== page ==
2 ipres 2017, September 25-29, 2017, Kyoto, Japan M. Klindt accessibility of information or documents that we produce. He acts as a litmus test. If he cannot read the information contained in a digital object, an algorithm will also have difficulties extracting and processing that kind of information. A short disclaimer: I don t have a solution but instead present some strategies on how to deal with (predominant textual) documents in the field of digital preservation. The scope of the discussion is electronic documents deemed as content containers for long-term preservation from the cultural heritage and academic domain, not business-related records nor documents from the print publishing domains. An apology might also be in order: I am aware that the title of this paper is a bold and provocative statement. Considered harmful articles have a long tradition in the computer science community and have become a blunt sword there[20], but the title might be appropriate in this context to start a valuable discussion about the attitude with regard to the PDF file format as a solution for long-term preservation and about the goals and challenges that lie ahead for the preservation community. 2 BACKGROUND 2.1 A short history of PDF PDF is a file format that captures the layout of pages. It was developed by John Warnock and others at Adobe in the Camelot Project[31] in the early 1990s to replicate the convenience of sending documents with a fax machine in computer systems. The prevalent page description method at the time (in desktop publishing) was using the interpreted PostScript language. Post- Script programs contain instructions for laying out geometric forms (lines, curves etc.) and glyphs on rectangular planes (pages). Glyphs are graphical symbols that can be recognized within a writing system to convey meaning. Examples for glyphs are the letters of latin script, Japanese syllabaries or punctuation marks. These glyphs are available as electronic typefaces that consist of lists of drawing instructions for rendering the glyphs. The pages are represented as scalable vector graphics saving storage space in comparison to bitmaps. They do not suffer from pixelation and have to be rasterized (converted to raster images) in the resolution of the output device prior to being displayed or printed. Laser printers had special hardware to provide the processing power and lots of memory that were required for rasterization. Hardware to handle on-screen display of those documents was not widely available in desktop computing at that time. PDF reduces the computational burden of the display device by executing the necessary PostScript programs during the creation of the PDF file. A single file saves thus only the graphic command results (called objects within PDF) required to render the pages, embedding raster image data along with font type information or even the digital fonts themselves. Another advantage over its ancestor is that the document is organized in pages which allows faster navigation to a certain page without requiring the execution of all the PostScript commands of the preceding pages. The fixed page layouts of documents could (and still can) be faithfully displayed by limited computing devices or printed in high quality while being small enough to be sent through electronic networks. Adobe extended the PDF specification multiple times over the years to allow for more features like encryption, transparency, device-independent colors, forms, web-links, javascript, audio, video, 3D objects and many more[18]. The usage of and commercial success began with the release of the free Acrobat Reader 2.0 in 1996 for PDF 1.1 and licensing all patents royalty free for everyone using its format. It became the defacto exchange format for electronic documents and version 1.7 was finally standardized by the International Standards Organization as ISO [15] in Technical introduction to PDF Let s begin with a brief introduction of the technical foundation of all PDFs File structure of PDF. A basic PDF file consists of four sections: a header, a body with objects, a cross-reference table, and the trailer. An example 2 is shown in table 1. Header 0 %PDF Body obj << Objects /Pages 2 0 R >> endobj obj << /Length 53 >> stream BT /F1 11 Tf Td (Lore Ipsum)Tj ET endstream endobj XRef 384 xref Cross- 05 reference f table n Trailer... trailer << /Root 1 0 R /Size 5 >> startxref 384 %%EOF Table 1: File structure of PDF and Lore Ipsum example The header specifies the version of the PDF file. Until the and updates Adobe Acrobat products have historically opened a PDF as long as the %PDF-header started anywhere within the first 1024 bytes of the file. No checks were performed on the extraneous bytes before the %PDF-header[8], which can be a security risk and might prevent correct identification of older PDFs. The objects in the body are the components that represent the content of the 2 Using a lite version of Lorem Ipsum : Lore Ipsum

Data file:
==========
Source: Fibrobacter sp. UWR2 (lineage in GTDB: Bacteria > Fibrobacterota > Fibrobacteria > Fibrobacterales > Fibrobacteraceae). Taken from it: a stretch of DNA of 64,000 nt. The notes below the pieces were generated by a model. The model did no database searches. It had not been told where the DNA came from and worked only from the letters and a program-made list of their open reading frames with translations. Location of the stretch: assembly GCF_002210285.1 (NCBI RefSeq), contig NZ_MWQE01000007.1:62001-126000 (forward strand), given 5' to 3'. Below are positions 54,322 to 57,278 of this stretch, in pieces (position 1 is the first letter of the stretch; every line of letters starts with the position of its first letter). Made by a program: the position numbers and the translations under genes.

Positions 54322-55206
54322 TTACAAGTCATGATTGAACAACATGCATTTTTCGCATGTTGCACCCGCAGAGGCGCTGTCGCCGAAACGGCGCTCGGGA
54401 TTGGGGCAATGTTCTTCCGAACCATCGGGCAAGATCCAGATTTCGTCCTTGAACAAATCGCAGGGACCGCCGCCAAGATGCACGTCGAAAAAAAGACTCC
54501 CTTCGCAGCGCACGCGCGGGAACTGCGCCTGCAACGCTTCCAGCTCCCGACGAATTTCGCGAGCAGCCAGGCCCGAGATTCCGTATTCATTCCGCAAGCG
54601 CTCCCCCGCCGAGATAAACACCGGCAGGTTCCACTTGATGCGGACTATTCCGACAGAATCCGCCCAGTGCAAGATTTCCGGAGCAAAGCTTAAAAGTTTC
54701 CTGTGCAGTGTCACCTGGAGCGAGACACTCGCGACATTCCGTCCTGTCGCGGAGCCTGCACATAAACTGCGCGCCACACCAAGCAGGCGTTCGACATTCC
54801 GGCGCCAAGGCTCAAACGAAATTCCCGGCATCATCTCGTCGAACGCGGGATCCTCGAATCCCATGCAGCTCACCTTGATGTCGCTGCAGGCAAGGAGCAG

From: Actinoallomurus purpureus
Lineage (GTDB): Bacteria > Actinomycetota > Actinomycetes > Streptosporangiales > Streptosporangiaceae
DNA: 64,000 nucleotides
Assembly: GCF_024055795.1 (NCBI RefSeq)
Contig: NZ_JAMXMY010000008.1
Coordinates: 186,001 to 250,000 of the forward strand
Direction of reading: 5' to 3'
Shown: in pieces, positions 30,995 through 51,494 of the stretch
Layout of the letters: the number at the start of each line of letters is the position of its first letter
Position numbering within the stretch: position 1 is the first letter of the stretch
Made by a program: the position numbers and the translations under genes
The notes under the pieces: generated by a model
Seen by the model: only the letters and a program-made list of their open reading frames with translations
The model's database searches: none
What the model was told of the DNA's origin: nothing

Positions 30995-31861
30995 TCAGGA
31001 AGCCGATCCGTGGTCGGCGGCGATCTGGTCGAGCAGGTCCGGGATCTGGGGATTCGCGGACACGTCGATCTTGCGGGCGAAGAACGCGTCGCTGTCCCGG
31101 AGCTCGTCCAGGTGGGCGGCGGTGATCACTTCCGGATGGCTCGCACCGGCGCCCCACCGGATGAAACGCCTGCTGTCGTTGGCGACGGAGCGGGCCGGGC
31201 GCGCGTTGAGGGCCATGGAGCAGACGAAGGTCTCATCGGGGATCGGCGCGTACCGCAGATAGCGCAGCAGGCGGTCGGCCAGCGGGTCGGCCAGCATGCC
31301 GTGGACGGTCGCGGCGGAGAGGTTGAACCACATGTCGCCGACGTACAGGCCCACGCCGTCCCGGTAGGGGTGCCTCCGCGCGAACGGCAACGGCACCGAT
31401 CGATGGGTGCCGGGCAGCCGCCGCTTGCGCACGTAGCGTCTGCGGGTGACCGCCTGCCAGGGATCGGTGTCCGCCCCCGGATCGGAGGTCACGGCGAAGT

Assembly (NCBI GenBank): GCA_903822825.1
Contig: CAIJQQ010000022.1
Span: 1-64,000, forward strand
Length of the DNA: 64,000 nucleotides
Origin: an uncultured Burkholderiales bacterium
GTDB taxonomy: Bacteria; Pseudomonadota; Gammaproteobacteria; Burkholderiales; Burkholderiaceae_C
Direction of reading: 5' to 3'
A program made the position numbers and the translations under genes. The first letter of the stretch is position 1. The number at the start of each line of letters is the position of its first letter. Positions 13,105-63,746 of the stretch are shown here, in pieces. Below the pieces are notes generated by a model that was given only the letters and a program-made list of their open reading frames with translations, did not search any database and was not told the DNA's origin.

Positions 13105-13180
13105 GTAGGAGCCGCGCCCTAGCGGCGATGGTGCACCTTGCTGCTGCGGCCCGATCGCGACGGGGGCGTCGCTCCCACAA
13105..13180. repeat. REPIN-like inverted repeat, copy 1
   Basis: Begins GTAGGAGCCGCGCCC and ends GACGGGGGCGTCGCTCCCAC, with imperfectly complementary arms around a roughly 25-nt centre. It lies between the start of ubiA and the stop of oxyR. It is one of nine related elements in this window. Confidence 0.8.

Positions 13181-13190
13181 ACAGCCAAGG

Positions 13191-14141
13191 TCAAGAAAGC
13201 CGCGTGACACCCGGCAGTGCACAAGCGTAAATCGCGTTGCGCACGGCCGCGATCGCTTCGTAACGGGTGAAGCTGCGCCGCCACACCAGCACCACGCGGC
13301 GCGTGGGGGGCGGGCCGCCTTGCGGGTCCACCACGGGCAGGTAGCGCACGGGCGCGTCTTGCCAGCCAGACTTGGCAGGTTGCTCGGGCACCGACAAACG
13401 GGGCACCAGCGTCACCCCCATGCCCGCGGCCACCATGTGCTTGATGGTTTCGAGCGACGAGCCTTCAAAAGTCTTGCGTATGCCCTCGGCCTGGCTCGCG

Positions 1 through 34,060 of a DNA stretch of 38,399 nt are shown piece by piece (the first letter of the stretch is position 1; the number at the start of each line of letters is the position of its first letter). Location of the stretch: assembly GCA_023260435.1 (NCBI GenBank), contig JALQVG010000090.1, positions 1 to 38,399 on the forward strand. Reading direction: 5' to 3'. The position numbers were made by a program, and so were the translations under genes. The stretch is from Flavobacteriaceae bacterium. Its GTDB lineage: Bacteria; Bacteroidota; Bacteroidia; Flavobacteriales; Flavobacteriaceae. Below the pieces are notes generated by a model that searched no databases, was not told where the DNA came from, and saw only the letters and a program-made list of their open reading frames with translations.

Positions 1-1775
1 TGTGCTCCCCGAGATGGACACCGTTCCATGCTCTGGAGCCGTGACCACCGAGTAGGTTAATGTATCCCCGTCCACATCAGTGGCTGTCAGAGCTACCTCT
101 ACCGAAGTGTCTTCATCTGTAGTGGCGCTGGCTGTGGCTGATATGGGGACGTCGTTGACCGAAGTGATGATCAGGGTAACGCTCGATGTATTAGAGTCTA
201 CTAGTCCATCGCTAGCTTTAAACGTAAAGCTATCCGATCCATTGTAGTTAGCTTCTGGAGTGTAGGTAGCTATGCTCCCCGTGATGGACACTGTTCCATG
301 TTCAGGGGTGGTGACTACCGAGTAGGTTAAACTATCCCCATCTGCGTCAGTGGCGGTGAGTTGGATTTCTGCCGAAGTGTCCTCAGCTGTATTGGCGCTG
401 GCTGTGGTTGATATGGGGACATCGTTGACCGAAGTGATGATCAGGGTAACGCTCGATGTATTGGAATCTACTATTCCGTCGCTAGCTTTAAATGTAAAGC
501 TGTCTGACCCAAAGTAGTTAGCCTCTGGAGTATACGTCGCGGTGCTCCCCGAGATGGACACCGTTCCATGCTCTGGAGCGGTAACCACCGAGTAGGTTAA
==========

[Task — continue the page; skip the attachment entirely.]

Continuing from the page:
3 PDF/A considered harmful for digital preservation ipres 2017, September 25-29, 2017, Kyoto, Japan document. These objects for example are fonts, pages, text, sampled images, rendering instructions and so on but also data structures such as strings, arrays or dictionaries. Text in the context of PDF describes operators that paint text using character glyphs defined in fonts and not text in the usual sense. Starting with PDF version 1.5 objects can also be stored as object streams (which can be encoded or compressed using filter algorithms to save space). As the objects can be stored in any sequence in the body, the cross-reference table (xref-table) stores the location of each object within the file stream for faster random access. Finally, the trailer contains the location of the cross-reference table, its size and a reference to the object containing the document catalog, the starting point of the object hierarchy. The trailer has to end with %%EOF marking the end-of-file. PDF supports incremental updates of its content. New objects, a new cross-reference table and a new trailer can be appended to the end of the file, if the content of the PDF is updated, without the need to rewrite the whole file. As objects can be marked as deleted in the xref-table there is no need to delete the corresponding objects in the body section Parsing a PDF file. As PDF is a quite complex file format, this is just a brief description of the neccessary steps taken by an application in order to display the document s content. The parsing of a PDF file begins with checking the header signature to identify the version and to look for the last (the most recent) end-of-file marker. The xref-table is located via the startxref entry in the trailer and read into memory. The trailer also points to the document catalog via the /Root element. The objects referenced in the document catalog are then parsed in order. The root object in table 1 for example only refers to the second object (the string 20R). The body section continues as 2 0 obj << /Kids [3 0 R] /Type /Pages /Count 1 >> endobj There is one child (/Kids) object of /Type /Pages. The page object 3 0 obj << /Parent 2 0 R /MediaBox [ ] /Resources << /Font << /F1 << /BaseFont /Arial /Subtype /Type1 /Type /Font >> >> >> /Contents 4 0 R /Type /Page >> endobj of type /Page defines the dimensions of the media box (the rectangular canvas for that page) and the resources used. Here only a single font /F1 is used. PDF can also define different rectangles useful in print like crop boxes, bleed boxes, trim boxes, and art boxes (refer to the PDF reference[7] for additional information). The content of the page is contained in the fourth object and renders the symbols Lore Ipsum by executing the glyph drawing instructions from the Arial font on a certain location. The encoding of the glyphs to render happens to be 7-bit ASCII code points with no additional positional parameters. A code point is a concept in the character encoding terminology and is used to distinguish between the binary number in an encoding and the abstract character in a particular graphical representation. As the primary focus of PDF is the reproduction of page layout, most strings are most certainly not as simple and often also contain positional parameters. The encodings from PDFs for example generated by Word 2011 or TextEdit(Mac) as seen in table 2 store an array of strings and geometric offsets. GoogleDocs exports the strings as hexadecimal numbers. Those don t encode the standard ASCII ordinance but choose to offset it by 29 (or -0x1d). A character map links this encoding to to the standard ASCII character set in which this particular font is organized. The character maps mentioned are included in the appendix. LibreOffice Writer s PDF export on the other hand simply assigns increasing numbers to represent the string and links to those glyph code points via its character map. 3 PDF/A AS A SOLUTION FOR LONG-TERM PRESERVATION? PDF/A is motivated by leveraging PDF s characteristics of familiarity, ubiquity, acceptance, portability and reliability across a diverse range of platforms and communities for the purpose of preserving documents in the long-term. 3.1 PDF/A ISO standards A constrained version of PDF for the purpose of archiving was based on PDF 1.4 and standardized in 2005 as ISO [12] (PDF/A-1) with PDF/A-2[13] following in 2011 based on ISO (PDF version 1.7) and PDF/A-3[14] in The different PDF/A versions are not meant to be backwards compatible as they support different use cases. An overview of PDF/A flavors is given in table 3. The PDF/A standards differentiate between the conformance levels basic (b), accessible (a), and from version 2 onwards the intermediate level unicode (u). Accessible (level a) PDF/A functionalities require tagging of structure and content. 3.2 Tagging and PDF/UA Assistive Technology (AT) is made up of software tools that can extract meaningful information from electronic documents and provides users with disabilities a means of reading and navigating the content. To extract information from content in PDF, tags can be attached to PDF objects from version 1.4 onward. These tags act as markup to denote the logical structure (semantic elements), and logical order (flow) of the content. Tagged PDF should provide markup for any real content in the document in contrast to artifacts like page numbers or other content outside the logical structure. Real content comprises all graphics objects (glyphs) that have been originally introduced by the document s author. Artifacts are those graphics objects that are not part of the author s original content. All content shall be marked in the structure tree with semantically appropriate tags (i.e. headings, formulas, paragraphs and such) in